From one of our most treasured filmmakers, a pictorial history of America—a stunning and moving collection of some of Ken Burns’s favorite photographs, with an introduction by Burns, and an essay by longtime MoMA photography curator Sarah Hermanson Meister
Burns has been making documentaries about American history for more than four decades, using images to vividly re-create our struggles and successes as a nation and a people. As much as anyone alive today, he understands the soul of our country.
In Our America, Burns has assembled the images that, for him, best embody nearly two hundred years of the American experiment, taken by some of our most reknowned photographers and by others who worked in obscurity. We see America’s vast natural beauty as well as its dynamic cities and communities. There are striking images of war and civil conflict, and of communities drawing together across lines of race and class. Our greatest leaders appear alongside regular folks living their everyday lives. The photos talk to one another across boundaries and decades and, taken together, they capture the impossibly rich and diverse perspectives and places that comprise the American experience.
About the Author
KEN BURNS, the producer and director of numerous film series, including The Vietnam War, The Roosevelts: An Intimate History, and The War, founded his own documentary film company, Florentine Films, in 1976. His landmark film The Civil War was the highest-rated series in the history of American public television, and his work has won numerous prizes, including the Emmy and Peabody Awards, and two Academy Award nominations. He lives in Walpole, New Hampshire.
"Chronicling America from 1839 to 2019, these photographs are both well-known and obscure, faces of celebrities and faces of laypeople, stunning images of landscapes and national parks alongside deserted towns and scenes of destruction. Just as arresting and poignant as his films can be, Burns has gathered a striking collection that depicts America in all its glory and grimness." —Lit Hub
"A stirring collection of photographs, arranged chronologically from the first daguerreotype in 1839 to a 2019 image of the late John Lewis, arms crossed, prayer-like, across his chest." —Oprah Daily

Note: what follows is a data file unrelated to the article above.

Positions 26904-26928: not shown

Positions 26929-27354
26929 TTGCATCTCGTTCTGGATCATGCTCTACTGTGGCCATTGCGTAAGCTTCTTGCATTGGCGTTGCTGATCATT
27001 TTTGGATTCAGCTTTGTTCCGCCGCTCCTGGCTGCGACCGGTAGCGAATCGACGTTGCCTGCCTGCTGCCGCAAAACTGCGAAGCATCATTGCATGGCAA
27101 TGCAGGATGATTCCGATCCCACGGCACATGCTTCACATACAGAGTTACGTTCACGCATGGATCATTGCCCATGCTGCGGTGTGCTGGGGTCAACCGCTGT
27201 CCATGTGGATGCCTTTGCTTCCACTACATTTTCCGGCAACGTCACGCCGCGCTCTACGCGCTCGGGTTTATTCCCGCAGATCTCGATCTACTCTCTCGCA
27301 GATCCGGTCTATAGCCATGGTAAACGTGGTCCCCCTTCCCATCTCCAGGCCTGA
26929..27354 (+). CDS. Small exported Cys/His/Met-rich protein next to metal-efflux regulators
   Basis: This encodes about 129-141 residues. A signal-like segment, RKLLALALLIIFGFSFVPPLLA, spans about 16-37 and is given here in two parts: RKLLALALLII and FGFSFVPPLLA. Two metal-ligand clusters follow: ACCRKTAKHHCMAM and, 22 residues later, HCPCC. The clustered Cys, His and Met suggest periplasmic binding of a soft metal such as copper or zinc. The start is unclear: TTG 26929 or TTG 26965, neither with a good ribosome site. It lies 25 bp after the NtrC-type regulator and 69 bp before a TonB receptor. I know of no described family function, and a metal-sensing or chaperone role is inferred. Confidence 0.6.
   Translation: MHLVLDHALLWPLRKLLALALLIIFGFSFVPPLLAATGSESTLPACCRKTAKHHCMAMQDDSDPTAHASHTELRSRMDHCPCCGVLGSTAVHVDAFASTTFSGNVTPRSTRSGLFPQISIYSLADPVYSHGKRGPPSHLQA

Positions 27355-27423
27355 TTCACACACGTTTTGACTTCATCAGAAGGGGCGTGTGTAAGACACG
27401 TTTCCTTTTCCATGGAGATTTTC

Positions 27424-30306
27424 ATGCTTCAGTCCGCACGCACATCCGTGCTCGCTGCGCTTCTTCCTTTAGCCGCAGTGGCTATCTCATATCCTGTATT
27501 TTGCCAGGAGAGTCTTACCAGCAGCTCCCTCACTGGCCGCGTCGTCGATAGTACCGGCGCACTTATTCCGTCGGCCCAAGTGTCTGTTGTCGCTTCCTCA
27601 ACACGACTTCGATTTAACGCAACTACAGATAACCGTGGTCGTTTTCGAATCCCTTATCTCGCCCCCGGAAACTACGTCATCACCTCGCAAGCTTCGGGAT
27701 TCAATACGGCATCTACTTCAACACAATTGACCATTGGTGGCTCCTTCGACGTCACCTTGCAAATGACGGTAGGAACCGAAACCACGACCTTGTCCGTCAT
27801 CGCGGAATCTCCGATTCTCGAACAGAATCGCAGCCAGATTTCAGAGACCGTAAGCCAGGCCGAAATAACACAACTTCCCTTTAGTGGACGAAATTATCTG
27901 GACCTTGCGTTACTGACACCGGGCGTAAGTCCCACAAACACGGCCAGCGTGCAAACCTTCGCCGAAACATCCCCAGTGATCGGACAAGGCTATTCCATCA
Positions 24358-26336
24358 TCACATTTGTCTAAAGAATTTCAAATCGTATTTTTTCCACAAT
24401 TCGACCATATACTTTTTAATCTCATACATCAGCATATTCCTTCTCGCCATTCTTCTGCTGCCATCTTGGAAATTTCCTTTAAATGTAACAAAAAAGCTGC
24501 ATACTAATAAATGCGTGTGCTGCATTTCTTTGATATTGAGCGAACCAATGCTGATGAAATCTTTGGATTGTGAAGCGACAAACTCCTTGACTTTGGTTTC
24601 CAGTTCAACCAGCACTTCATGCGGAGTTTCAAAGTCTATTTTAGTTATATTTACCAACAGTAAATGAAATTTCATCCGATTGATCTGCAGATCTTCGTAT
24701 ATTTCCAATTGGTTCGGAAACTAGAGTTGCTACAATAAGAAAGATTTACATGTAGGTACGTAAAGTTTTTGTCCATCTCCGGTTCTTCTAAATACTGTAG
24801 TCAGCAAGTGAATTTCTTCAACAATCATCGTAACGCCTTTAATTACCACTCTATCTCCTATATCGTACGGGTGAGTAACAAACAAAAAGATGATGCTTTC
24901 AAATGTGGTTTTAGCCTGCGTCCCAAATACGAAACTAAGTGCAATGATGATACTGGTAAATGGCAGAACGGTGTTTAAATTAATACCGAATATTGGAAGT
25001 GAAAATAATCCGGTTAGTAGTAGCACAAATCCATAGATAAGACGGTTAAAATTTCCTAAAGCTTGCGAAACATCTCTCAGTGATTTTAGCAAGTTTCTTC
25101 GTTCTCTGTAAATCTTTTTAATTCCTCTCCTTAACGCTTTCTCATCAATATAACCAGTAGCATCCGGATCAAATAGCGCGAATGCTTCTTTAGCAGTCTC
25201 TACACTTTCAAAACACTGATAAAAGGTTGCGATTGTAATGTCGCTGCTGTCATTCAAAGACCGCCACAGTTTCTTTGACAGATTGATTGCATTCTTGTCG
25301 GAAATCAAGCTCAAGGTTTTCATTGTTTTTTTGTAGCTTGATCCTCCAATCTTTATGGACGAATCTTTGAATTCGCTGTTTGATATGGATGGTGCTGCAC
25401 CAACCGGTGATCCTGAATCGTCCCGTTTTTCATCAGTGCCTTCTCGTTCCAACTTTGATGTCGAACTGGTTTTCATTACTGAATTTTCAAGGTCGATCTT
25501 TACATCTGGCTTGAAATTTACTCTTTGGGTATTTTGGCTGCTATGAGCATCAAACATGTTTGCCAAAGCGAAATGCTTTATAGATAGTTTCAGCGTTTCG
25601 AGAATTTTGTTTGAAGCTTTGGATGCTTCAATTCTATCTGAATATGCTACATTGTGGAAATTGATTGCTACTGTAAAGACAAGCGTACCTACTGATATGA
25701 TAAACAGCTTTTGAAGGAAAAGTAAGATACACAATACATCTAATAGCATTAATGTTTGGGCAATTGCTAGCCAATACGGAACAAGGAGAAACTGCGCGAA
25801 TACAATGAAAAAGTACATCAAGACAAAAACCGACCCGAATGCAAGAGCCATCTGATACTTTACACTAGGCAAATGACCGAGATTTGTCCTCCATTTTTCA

"Those featured here never did [quit]. Sometimes they are famous people – like Jackie Kennedy, pictured here at her husband’s burial at Arlington, her widow’s veil not quite hiding her weary eyes. Sometimes their details are lost to us — like Gordon, the escaped slave who later joined and fought with the Union Army before disappearing into history. They all struggled. But they all persisted. They were all Americans. And this book gives them their moment, remembering them forever." —Jacqueline Cutler, New York Daily News
"Our America...isn't just snapshots or black-and-white images of beautiful parks, baseball, and celebrities. There are also photos of segregation, violence and adversity — in other words, it attempts neither to hide nor to shield viewers from the complexities of history." —Jane Henderson, St. Louis Post-Dispatch
"Stunning...Steeped in the 'myriad tensions' of American history, these chronologically ordered photographs show majestic vistas of American natural beauty alongside closer images of individual Americans: men at work and at war; women quilting and protesting; people living and dying. Each image on its own is an invitation to consider what story an image can tell...The photos in Our America are a tribute and a revelation, offering a sweeping view of a nation born of both building and destruction." —Kerry McHugh, Shelf Awareness
"Burns’s distinctive photographic history, replete with illuminating backstories for every image, encompasses America's multitudinous beauty and dynamism as well as its tragic failures to realize its ideals." —Donna Seaman, Booklist
"In the filmmaker and author’s latest photo book, the triumphs and tribulations of the American spirit take the stage...[A] remarkable collection of images....A moving tribute to America’s rich and complex history." —Kirkus Reviews, Starred
"A powerful and moving collection, ranging from the obscure (a 1903 photo of the first Japanese American baseball team in the mainland U.S.) to the famous (Robert Frank’s 1955 image of passengers on a segregated trolley in New Orleans)....Visually arresting and expertly curated, this is a must-have for fans of Burns’s documentaries." —Publishers Weekly, Starred